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What is HSE hiding by keeping hospital kitchen reports secret?

THE HSE has been criticised for suppressing reports of kitchen inspections throughout the country.

The Health Service Executive refused a request for open disclosure of hospital kitchen and canteen inspection reports under the Freedom of Information Act.

Representatives said that the decision to deny access to the information was made because the information was covered by "professional secrecy".

However, Dr James Reilly, of Fine Gael, said that the HSE should stand over all reports and make them public.

"I think we need to move to a new era of transparency and away from the long history of secrecy," he said.

"It's of critical importance. If restaurant kitchens are subject to inspections which may be published, then it's absolutely more important that hospital kitchens are subjected to the same rules."

Dr Reilly pointed out that FG spokesperson on children Alan Shatter moved to publish a damning report into the case of Tracey Fay, the young woman who died in 2002 while in State care.


"We have seen where reports are suppressed, delayed, hidden behind litigation and then we see the terrible tragedies of the support of children in care," Dr Reilly said.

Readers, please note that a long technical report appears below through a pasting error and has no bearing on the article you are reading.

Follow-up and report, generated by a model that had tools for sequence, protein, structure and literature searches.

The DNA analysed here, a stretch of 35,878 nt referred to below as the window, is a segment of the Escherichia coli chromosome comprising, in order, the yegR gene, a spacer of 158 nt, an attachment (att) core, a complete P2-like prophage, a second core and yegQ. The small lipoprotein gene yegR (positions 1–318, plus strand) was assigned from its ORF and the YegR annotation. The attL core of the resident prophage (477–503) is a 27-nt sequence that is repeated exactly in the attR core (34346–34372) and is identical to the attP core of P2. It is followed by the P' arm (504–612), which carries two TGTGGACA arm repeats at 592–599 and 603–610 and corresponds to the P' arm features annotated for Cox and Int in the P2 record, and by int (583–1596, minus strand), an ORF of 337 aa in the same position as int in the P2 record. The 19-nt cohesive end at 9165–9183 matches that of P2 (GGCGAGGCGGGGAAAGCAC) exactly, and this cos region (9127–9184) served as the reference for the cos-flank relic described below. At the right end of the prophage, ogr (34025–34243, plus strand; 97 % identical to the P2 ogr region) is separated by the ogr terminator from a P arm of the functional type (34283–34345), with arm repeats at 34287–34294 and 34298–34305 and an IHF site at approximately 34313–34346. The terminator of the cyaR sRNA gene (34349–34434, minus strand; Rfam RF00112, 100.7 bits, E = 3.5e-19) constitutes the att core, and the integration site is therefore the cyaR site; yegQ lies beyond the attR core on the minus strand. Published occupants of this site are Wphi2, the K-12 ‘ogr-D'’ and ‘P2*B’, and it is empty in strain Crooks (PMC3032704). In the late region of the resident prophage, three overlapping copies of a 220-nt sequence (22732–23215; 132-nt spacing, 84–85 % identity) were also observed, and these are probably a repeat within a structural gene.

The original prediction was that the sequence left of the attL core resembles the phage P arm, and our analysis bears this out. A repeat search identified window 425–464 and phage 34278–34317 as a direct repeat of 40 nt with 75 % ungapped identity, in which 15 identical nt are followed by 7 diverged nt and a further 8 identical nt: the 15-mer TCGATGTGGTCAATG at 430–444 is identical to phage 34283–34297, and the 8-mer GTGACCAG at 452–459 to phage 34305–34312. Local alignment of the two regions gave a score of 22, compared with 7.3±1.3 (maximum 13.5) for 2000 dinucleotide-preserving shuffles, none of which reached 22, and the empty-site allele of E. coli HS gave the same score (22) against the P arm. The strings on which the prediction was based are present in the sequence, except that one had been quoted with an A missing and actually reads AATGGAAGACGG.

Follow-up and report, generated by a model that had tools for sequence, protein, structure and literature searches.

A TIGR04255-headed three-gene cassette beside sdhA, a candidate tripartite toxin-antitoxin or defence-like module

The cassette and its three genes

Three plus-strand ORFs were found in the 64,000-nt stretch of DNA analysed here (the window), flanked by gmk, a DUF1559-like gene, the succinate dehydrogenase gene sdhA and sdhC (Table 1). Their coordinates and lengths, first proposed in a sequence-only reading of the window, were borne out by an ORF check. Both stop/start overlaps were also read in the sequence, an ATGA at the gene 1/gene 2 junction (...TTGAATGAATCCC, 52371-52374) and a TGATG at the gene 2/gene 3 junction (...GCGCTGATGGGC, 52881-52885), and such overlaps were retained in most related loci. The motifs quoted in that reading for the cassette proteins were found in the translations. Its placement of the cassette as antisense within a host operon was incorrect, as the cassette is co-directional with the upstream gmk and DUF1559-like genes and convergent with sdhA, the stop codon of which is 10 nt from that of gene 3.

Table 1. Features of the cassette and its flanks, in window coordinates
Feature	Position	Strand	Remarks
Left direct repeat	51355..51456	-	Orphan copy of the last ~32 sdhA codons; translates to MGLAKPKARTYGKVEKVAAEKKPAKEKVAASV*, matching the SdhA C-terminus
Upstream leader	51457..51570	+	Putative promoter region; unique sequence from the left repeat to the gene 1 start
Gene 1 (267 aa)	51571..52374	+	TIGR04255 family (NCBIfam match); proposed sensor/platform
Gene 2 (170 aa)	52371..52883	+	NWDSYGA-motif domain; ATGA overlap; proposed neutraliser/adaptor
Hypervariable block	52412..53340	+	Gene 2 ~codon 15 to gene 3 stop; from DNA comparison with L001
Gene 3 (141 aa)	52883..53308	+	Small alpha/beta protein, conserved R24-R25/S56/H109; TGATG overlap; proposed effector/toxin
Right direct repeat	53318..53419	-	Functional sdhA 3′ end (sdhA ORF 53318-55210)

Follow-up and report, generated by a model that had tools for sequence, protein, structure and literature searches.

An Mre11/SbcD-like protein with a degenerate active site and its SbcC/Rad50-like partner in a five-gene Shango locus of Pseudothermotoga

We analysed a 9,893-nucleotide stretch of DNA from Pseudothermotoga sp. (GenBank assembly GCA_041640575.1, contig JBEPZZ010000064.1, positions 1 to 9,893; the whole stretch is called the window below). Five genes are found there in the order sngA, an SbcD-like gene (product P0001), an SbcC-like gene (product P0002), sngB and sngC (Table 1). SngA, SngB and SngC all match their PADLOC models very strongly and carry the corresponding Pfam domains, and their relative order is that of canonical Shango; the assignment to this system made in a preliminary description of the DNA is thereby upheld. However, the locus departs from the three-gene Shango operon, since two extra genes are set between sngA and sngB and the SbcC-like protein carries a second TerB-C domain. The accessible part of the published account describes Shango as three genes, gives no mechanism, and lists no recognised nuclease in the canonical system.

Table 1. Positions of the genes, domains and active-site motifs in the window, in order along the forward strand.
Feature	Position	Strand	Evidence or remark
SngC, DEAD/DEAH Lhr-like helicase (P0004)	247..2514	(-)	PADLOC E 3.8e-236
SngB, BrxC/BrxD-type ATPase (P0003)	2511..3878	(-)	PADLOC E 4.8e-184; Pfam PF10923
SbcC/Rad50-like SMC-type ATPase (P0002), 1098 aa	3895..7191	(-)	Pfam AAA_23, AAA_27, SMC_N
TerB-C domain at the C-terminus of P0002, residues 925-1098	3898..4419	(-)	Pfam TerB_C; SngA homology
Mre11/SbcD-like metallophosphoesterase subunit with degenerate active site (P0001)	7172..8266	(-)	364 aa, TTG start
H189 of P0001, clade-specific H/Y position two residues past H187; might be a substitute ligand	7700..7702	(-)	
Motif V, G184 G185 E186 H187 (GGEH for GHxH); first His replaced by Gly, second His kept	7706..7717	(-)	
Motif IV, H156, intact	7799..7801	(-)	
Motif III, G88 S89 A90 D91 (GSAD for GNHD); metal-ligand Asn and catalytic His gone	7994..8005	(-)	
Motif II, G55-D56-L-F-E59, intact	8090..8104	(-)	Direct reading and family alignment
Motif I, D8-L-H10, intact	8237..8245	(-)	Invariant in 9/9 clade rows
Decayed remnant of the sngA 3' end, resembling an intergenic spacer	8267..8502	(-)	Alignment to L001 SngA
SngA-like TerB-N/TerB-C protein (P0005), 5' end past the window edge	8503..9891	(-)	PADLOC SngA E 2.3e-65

"I can see that no good will come of the suppression of the inspections."

The information gained by environmental health officers while carrying out the performance of their original duties is for the purposes of "verifying compliance with relevant legislation and it would be a breach of a duty of confidence to release this information into the public domain" according to the HSE.

But Dr Reilly said that public money was spent on the construction, running and inspection of the kitchens and that the public had a right to know.

"We have seen other reports of cockroaches and rat infestations in hospitals," he said. "It's totally unacceptable."

Janette Byrne from Patients Together said that the HSE's failure to publish the reports raises issues about what is concealed from public knowledge.

"The HSE have no right to censor and restrict the public's right to information in an area or part of our hospital services," she said. "They are trying to promote service users participation and comment on one hand, while on another denying us our right to clarity and full disclosure. 'What are they trying to hide?' that's what actions like this make the public think."

Cathriona Molloy, from Patient Focus, said that the organisation would welcome the publication of all HSE inspection reports. "If it has implications in the public interest then it should be made available," she said. "Obviously the public will be eating out of the hospital restaurants, so the public has a right to know."

Separately, the Health Information and Quality Authority have carried out investigations into HSE run hospitals.

Marty Whelan Head of Communications at HIQA said that the association made its report accessible online immediately after it has concluded.